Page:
By midnight the show was over and the crowd had dispersed. Luan, Jean Pierre, Paul, and I ventured out to a disco Luan knew of. There we danced to House of Pain and industrial rock until early in the morning. By two a.m., though, my idea of a good time was curling up in a warm, comfy bed and watching some TV. So I bid goodnight to my friends, who were still partying like rock stars, and departed. The next morning, feeling clean and pampered from a long, hot shower, I decided that I could not return to my eight-dollar hotel room, but I wasn’t ready to spend twenty dollars every night, either. I’m a budget traveler.

The morning after Tet is New Year’s Day. I had only two things on my mind: find a better hotel to check into and check out of The Queen, and all before the eleven o’clock check-out time.

Even though it was still early, every door on the street was open and owners of the hotels were sitting inside their doorways, proudly displaying their newly purchased kumquat trees alongside arrangements of bright and prettily wrapped packages of sweets and treats. If the hotel looked too expensive, I just kept walking. Even when I politely said Khon Ka-moon (no thank you), they would still insist that I should at least take a treat. It was very confusing as to why I was getting this attention. I hadn’t experienced this on any other morning.

The Vietnamese are serious believers that the first day of a New Year will portend their luck for the rest of the year. So they try very hard to attract new business and generate Chi (energy). Even the act of walking through a door activates Chi. They believe that the more people to cross their threshold on New Year’s Day, the more good health and prosperity they’ll experience in the new year. At every door someone would courteously present a beautiful box of candied nuts and fruits for my approval and consumption. Their smiling, eager faces turning to disappointment when I declined and walked away.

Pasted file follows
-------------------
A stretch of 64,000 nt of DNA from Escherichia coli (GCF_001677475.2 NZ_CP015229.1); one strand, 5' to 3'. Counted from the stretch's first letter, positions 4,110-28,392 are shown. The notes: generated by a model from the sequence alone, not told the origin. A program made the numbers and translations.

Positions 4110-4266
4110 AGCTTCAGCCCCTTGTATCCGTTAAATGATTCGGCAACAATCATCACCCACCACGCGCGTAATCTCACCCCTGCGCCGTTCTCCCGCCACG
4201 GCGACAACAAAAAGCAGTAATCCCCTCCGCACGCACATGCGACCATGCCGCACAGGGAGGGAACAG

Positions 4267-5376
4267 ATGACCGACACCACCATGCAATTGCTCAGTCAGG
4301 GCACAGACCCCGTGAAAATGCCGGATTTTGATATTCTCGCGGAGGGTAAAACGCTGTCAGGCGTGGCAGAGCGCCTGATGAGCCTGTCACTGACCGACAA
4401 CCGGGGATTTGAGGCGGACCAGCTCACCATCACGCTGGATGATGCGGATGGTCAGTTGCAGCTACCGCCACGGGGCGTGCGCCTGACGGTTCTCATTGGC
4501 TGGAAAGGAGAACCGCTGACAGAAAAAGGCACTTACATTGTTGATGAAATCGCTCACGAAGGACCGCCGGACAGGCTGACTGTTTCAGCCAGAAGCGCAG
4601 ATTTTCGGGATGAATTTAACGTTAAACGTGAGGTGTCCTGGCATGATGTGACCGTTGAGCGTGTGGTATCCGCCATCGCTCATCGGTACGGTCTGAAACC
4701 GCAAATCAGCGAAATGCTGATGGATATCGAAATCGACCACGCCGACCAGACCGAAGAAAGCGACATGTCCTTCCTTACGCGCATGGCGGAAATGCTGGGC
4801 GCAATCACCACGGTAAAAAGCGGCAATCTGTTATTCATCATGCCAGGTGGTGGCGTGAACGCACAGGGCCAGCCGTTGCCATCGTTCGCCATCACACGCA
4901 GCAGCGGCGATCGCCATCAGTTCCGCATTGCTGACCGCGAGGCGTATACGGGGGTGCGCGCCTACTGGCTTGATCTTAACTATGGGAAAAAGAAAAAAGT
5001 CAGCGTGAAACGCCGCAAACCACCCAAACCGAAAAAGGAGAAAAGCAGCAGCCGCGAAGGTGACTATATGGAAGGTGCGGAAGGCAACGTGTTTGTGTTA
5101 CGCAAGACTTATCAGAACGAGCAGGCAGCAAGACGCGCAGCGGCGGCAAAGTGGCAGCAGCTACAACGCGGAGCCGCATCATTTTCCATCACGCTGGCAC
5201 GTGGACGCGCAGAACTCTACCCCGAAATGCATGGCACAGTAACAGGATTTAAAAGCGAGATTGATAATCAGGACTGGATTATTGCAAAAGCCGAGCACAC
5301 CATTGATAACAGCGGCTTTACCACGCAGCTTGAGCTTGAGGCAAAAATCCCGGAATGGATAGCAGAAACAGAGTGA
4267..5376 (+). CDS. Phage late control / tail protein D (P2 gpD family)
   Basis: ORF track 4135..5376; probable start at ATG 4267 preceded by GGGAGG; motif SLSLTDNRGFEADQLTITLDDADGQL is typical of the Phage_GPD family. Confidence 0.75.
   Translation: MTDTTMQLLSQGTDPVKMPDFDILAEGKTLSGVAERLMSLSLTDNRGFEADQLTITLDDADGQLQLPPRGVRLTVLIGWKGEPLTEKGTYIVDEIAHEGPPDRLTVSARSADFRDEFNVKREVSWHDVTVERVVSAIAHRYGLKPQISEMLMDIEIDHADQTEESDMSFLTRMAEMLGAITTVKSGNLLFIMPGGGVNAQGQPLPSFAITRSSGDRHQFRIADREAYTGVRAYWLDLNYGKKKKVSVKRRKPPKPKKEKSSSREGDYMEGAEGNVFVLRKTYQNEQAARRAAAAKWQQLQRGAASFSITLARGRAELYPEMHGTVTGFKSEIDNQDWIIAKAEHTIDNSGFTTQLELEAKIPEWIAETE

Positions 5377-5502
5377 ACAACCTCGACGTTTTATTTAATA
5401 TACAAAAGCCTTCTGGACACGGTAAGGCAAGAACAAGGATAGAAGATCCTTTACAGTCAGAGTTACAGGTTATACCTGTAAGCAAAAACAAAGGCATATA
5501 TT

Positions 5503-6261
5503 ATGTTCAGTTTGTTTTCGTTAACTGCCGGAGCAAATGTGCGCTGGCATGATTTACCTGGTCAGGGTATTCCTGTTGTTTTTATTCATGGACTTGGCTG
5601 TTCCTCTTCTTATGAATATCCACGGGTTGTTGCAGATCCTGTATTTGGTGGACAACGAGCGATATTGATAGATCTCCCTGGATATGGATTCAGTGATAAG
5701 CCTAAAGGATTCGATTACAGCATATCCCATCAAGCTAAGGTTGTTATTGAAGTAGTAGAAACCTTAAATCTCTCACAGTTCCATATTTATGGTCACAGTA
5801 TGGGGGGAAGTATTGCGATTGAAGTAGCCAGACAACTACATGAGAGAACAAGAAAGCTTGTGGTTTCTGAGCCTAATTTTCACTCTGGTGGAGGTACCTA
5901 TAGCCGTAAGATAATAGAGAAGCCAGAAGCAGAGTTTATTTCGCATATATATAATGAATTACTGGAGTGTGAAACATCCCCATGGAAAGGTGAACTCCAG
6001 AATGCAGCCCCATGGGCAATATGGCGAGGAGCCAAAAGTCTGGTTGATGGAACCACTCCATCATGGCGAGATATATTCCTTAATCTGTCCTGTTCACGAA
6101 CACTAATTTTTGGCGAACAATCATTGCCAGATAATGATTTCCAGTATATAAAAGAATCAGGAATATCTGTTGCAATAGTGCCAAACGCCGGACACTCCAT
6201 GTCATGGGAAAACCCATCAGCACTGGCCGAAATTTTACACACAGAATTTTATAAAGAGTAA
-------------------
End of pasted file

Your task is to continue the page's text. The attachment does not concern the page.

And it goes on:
Later, when I had settled my new accommodations, I remembered, “Oh my God, it’s TET!”
I sharply realized what being Western can mean in its most negative sense. In my single-mindedness I hadn’t had the time to politely accept or even admire their precious offerings. I had walked into and out of at least five hotels and had hurriedly passed many, many more. Unintentionally, I had jinxed the entire district! I felt like dirt when I told the sweet lady at the Queen Hotel that I was leaving. It was a very humbling experience.

I chose a room for twelve dollars in a new-ish hotel run by a young French couple who probably couldn’t have cared less about Chi. It had heat, no balcony, and the toilet and shower were inside. I’ve also read somewhere that it is considered very unfortunate if their first guest is a unmarried female. That’s me! Maybe I was doing the others a favor?

I stayed in Hanoi only two more nights. The day after the day after Tet, restaurants and businesses close down for days. Hanoi becomes a ghost town and it’s difficult to find food. The Labyrinth was open, but even the bar regulars seemed to have disappeared. I didn’t see Luan, Paul, Matt, or my bartender friends again. Sadly, it was time to move on, and I booked a three-day, two-night tour to Halong Bay.

I ran into Paul on Cat Ba Island in Halong Bay. He told me that since Tet, he had been staying at Luan’s house in Hanoi. She was sewing a suit for him and had introduced him to her mother. But that’s another story…